Saturday 10 December 2016

Belgium: Travel warnings for Irish tourists as terrorist attack deemed 'possible and likely'

#ParisAttacks

Published 18/11/2015 | 14:29

Brussels: Ireland's Department of Foreign Affairs has changed its travel advice for Belgium. Photo/Composite: Deposit
Brussels: Ireland's Department of Foreign Affairs has changed its travel advice for Belgium. Photo/Composite: Deposit
Belgium special force officers prepare to enter a house in the Rue Delaunoy in Molenbeek-Saint-Jean of Brussels, on November 16, 2015, several days after a series of deadly attacks on the French capital Paris. Photo: DIRK WAEM/AFP/Getty Images
Spain's Andres Iniesta (C) takes part in a training session on November 16, 2015 in Brussels, on the eve of the cancelled UEFA Euro 2016 friendly football match against Belgium. BRUNO FAHY/AFP/Getty Images

The Department of Foreign Affairs has increased its security status for Belgium in the wake of last weekend's Paris attacks.

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Irish citizens are now advised to "exercise caution" in the country.

"People travelling to Belgium are advised to be vigilant and to follow the advice of the Belgian authorities," the DFA now states in its travel advice.

The UK Foreign & Commonwealth Office (FCO) has also updated its travel advice, indicating that a terrorist attack is "possible and likely" in Belgium.

The changes come as Belgium increased its national threat level to 'serious' following the Paris attacks and a series of related raids in Brussels.

Belgian soldiers have been deployed to aid police, while security has been escalated along the border with France, as well as at airports, international train stations and key buildings such as EU institutions in Brussels.

An international football friendly between Belgium and Spain was suspended Tuesday night, though next week's Davis Cup tennis final - featuring Great Britain and Belgium - is set to go ahead as planned in Ghent.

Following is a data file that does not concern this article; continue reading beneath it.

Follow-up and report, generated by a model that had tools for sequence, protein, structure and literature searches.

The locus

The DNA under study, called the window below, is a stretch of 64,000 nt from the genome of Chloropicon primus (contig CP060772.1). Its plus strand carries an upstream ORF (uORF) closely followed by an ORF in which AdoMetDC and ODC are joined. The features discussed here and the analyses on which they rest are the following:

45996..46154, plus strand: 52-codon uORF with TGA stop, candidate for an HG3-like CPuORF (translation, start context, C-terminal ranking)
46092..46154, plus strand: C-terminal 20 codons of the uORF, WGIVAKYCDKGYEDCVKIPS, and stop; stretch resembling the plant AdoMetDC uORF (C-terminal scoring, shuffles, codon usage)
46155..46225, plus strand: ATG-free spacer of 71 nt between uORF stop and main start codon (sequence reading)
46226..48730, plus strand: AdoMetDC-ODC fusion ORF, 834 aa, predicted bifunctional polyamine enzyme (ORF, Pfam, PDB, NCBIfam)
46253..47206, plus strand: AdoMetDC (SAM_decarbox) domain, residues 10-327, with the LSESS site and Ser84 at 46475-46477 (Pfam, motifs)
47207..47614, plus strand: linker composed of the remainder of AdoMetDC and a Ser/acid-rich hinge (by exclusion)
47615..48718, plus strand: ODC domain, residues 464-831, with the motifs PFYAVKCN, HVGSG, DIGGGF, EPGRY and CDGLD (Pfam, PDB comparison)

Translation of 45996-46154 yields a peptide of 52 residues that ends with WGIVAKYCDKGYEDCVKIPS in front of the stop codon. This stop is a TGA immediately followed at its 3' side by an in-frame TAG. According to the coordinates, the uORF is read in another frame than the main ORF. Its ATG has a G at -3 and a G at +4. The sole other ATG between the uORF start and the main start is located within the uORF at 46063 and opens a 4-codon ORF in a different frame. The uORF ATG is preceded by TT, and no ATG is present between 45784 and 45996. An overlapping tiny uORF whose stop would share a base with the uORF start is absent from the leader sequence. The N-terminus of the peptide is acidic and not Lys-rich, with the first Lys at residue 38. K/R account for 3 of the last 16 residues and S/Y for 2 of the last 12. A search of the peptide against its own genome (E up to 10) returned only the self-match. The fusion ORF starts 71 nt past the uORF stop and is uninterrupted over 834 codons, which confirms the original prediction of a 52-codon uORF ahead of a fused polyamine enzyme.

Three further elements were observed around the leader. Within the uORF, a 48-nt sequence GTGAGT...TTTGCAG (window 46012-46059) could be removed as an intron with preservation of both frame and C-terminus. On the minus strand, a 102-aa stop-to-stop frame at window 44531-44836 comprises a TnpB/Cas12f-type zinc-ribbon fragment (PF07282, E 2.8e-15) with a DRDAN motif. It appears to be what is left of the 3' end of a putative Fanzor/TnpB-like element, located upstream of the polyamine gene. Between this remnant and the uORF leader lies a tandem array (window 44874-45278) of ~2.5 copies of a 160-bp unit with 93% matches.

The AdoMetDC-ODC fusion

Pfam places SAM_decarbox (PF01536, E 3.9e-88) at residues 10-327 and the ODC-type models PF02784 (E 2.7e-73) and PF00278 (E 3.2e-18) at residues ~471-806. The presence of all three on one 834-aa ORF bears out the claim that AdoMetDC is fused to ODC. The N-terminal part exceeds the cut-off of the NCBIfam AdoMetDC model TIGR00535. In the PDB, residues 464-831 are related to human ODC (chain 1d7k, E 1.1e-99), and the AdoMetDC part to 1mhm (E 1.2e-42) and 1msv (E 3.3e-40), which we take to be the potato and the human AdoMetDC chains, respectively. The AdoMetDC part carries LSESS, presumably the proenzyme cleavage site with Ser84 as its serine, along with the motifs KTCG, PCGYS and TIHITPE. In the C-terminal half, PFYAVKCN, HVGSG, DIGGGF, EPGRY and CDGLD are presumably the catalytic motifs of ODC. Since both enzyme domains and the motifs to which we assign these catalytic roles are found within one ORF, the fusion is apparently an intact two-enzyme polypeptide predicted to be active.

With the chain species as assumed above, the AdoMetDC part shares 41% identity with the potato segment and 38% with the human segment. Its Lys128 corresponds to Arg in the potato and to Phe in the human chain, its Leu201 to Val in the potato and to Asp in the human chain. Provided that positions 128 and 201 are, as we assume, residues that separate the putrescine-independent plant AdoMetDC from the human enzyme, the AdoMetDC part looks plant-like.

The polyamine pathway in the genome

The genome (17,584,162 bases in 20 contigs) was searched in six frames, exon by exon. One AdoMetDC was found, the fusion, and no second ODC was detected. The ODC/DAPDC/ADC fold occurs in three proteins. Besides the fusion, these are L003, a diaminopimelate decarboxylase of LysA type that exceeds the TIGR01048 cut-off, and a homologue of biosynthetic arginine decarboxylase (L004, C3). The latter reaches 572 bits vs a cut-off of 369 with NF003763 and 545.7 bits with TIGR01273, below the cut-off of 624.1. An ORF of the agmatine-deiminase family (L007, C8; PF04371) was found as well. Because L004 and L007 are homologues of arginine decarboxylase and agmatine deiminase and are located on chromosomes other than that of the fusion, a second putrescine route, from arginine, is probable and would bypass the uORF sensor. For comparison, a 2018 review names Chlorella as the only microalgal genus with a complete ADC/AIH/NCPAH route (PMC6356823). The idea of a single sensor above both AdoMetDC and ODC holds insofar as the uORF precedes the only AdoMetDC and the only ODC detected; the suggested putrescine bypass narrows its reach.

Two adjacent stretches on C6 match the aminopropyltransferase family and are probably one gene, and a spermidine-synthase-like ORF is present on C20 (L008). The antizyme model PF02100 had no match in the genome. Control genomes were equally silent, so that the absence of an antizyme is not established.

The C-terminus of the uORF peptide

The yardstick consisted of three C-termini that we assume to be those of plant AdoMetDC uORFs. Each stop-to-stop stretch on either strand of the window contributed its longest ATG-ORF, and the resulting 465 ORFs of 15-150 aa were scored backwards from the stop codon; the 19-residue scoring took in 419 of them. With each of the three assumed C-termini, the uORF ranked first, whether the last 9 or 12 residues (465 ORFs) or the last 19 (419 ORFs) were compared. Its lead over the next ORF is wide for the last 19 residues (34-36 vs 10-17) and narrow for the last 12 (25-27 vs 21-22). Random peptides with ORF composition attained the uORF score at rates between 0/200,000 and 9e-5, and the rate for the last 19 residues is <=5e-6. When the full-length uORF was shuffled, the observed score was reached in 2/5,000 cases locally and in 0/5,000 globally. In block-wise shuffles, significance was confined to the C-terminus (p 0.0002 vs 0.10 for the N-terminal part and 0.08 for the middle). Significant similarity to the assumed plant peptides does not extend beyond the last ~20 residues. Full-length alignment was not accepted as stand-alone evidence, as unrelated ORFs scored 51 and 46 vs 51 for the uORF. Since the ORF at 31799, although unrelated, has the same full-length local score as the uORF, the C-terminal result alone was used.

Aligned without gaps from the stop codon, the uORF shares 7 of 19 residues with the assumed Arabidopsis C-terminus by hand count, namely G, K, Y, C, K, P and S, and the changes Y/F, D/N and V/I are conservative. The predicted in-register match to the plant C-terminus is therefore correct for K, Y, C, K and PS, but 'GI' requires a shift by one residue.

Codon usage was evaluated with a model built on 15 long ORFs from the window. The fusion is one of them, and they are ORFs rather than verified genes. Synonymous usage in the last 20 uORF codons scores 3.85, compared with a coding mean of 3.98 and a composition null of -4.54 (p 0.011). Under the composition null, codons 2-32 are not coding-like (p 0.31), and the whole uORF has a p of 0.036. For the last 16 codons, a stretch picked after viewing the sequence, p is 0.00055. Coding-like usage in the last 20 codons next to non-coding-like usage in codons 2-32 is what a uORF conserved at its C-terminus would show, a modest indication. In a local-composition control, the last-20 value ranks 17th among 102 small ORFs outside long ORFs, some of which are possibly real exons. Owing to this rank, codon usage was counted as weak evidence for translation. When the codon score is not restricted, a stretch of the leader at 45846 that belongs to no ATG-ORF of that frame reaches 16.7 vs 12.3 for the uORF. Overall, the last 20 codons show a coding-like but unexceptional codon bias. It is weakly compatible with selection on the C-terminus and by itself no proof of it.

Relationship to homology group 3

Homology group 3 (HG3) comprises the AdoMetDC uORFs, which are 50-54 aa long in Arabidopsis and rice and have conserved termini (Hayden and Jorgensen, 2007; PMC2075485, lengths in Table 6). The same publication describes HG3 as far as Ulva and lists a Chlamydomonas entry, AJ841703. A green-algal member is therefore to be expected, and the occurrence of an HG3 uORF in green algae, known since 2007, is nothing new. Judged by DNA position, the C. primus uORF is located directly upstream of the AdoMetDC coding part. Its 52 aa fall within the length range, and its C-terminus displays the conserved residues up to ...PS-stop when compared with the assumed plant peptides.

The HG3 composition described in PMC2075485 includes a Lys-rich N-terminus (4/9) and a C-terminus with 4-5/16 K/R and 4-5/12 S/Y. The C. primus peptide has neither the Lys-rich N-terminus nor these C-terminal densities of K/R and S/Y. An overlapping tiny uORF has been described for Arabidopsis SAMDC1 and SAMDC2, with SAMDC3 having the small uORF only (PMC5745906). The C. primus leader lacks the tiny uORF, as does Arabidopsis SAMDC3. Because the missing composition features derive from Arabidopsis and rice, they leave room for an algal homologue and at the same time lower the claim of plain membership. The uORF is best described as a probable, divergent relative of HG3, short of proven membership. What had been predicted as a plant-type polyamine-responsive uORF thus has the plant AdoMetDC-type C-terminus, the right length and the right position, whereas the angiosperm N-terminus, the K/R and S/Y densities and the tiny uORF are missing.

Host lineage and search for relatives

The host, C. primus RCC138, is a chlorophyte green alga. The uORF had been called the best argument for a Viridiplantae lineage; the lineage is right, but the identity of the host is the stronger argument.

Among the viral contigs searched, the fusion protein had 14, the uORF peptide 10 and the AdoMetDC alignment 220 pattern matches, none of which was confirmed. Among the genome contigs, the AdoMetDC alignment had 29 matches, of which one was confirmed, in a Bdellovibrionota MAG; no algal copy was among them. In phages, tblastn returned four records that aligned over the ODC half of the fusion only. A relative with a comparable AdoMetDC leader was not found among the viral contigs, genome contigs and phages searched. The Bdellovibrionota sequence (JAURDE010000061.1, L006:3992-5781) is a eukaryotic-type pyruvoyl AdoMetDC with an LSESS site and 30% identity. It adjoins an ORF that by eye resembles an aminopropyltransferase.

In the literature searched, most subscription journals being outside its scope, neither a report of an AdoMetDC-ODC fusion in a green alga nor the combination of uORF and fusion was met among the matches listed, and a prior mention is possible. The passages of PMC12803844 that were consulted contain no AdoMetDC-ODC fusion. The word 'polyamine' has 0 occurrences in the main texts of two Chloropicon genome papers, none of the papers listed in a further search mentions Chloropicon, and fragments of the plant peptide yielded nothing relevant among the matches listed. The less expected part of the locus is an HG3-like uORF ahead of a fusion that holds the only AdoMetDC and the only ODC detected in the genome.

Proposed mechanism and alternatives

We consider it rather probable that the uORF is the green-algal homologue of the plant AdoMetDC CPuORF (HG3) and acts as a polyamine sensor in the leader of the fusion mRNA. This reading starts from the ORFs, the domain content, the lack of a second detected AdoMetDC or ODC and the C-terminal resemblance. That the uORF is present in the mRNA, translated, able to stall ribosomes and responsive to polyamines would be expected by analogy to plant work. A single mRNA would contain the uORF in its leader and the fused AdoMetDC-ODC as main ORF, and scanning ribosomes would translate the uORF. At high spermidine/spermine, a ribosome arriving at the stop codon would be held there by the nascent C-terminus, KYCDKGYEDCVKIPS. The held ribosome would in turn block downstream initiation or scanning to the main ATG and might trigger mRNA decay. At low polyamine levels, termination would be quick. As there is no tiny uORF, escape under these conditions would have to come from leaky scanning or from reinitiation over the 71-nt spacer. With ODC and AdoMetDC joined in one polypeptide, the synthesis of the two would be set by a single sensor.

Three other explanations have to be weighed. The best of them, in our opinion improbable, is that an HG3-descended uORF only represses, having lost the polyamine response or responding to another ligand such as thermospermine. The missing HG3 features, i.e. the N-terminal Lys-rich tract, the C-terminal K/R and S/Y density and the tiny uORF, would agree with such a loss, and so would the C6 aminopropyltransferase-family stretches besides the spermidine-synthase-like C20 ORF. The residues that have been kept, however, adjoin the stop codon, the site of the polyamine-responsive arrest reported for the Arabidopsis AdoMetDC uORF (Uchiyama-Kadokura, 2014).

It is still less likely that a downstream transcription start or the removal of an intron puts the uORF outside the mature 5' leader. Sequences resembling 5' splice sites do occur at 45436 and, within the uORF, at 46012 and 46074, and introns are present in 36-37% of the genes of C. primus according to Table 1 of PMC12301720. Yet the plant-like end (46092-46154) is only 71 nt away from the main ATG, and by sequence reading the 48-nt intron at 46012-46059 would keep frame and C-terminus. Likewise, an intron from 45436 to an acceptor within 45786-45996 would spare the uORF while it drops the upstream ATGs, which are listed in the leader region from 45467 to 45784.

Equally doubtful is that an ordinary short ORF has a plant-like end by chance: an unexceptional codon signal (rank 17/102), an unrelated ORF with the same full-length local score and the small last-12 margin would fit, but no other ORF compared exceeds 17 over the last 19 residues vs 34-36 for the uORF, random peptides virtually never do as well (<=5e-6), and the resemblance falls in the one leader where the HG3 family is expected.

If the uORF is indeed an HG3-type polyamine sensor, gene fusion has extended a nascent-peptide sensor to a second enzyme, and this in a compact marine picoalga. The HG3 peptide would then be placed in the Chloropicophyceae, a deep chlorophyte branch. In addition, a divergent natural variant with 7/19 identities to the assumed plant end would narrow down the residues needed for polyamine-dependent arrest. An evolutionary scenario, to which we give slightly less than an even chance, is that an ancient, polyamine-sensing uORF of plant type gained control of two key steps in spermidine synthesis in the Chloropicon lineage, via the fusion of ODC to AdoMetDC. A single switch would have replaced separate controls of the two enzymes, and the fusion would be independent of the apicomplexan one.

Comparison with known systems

The change in its travel advice means Belgium is now accorded the same security status as Russia, Iran, Turkey, Serbia and Albania by the Department of Foreign Affairs.

The Belgian Embassy in Dublin declined to comment.

"These travel advisories are in line with our own advice to our nationals and our travel advice for Belgians travelling to France," José de Pierpont, Deputy spokesperson at the Belgian Foreign Ministry, told Independent.ie.

Roughly 7.5 million tourists visit Belgium every year, according to The World Bank.

Meanwhile, the Department of Foreign Affairs is advising Irish citizens to "exercise extreme caution" in France following this weekend's Paris attacks.

UPDATE: Since this story was published, the DFA has raised its security status for Belgium to 'exercise extreme caution'.

Contact 01 408-2000 if you are concerned about an Irish citizen in Belgium. You can also follow DFA travel updates on its Twitter feed at @dfatravel.

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